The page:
The OCEAN project is moving forward after completing the second module of the Training Course for Climate Action Officers, organised by Lina Taylor, Olympian and Founder of Climate Executive Coaching. Climate Action Officers from each partner NOC had the opportunity to receive advice on leadership in sustainability from Climate Executive Coaching professionals as well as distinguished visitors over four weeks. OCEAN was honoured to have Nigel Topping, UN Climate Change High-Level Champion, Julie Duffus, IOC Sustainability Senior Manager, and Jon Wyatt, Sport and Sustainability Director of the International Hockey Federation (FIH).
Week 1 – Leading for Sustainability in Sport
Climate Action Officers shared their wishes regarding their NOC's environmental future as well as the difficulties they are facing when working on their NOC’s footprint. Coaches presented the "leadership value chain" to discover viable choices for a more sustainable sports governance. Climate Action Officers were given coaching tips that included key leadership qualities on how to get everyone on board.
Week 2 – Change Management Skills – Building Opportunities
OCEAN welcomed Jon Wyatt, Sport and Sustainability Director of the International Hockey Federation (FIH), who shared its management expertise and emphasised on the importance of effective communication across different levels of sports organisations, particularly between athletes and leadership boards. Furthermore, Climate Action Officers were presented with various personality types and how to use different communication techniques according to the interlocutor through practical exercises.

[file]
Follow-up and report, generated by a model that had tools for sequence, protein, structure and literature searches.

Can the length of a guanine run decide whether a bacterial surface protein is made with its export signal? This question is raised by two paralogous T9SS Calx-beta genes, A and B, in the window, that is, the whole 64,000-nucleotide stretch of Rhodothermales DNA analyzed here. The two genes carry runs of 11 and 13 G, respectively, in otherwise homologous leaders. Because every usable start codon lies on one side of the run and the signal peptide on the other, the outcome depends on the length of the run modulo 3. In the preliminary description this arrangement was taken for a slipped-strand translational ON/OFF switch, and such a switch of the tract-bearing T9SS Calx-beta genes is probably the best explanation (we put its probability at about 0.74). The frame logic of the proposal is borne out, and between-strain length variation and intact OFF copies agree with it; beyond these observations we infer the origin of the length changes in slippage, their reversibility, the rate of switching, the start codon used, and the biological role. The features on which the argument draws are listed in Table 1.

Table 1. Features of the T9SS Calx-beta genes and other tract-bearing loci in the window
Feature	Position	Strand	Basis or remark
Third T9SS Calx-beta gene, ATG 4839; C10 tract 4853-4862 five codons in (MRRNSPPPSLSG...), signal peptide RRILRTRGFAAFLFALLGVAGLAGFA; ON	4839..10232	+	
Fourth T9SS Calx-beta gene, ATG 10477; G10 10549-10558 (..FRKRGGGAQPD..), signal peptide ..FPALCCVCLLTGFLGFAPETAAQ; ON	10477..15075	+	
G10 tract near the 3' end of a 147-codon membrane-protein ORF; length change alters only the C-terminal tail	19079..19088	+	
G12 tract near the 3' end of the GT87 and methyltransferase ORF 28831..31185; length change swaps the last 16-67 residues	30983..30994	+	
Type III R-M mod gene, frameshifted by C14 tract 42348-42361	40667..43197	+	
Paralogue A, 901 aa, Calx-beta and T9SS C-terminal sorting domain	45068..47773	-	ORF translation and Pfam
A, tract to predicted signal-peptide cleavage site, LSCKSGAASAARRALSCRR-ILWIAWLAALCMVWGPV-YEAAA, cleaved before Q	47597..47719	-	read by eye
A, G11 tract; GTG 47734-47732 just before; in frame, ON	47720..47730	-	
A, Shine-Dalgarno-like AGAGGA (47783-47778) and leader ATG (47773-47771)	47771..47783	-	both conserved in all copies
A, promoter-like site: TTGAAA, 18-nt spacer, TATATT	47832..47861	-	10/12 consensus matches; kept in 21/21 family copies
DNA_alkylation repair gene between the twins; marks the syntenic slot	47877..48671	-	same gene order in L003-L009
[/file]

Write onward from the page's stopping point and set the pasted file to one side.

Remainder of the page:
Week 3 – Culture Change Skills – Transformation Through Storytelling
The third session of the Training Course aimed to provide Climate Action Officers with information on how to implement a cultural shift towards greener sports. OCEAN had the privilege of hosting Nigel Topping, UN Climate Change High-Level Champion, whose role is to strengthen collaboration and drive action from businesses, investors, organisations, cities and regions on climate change, and coordinate this work with governments and parties to the United Nations Framework Convention on Climate Change (UNFCCC). Nigel Topping stressed the significance of good narrative and alignment of interests among many stakeholders when tackling sustainability strategy in sports.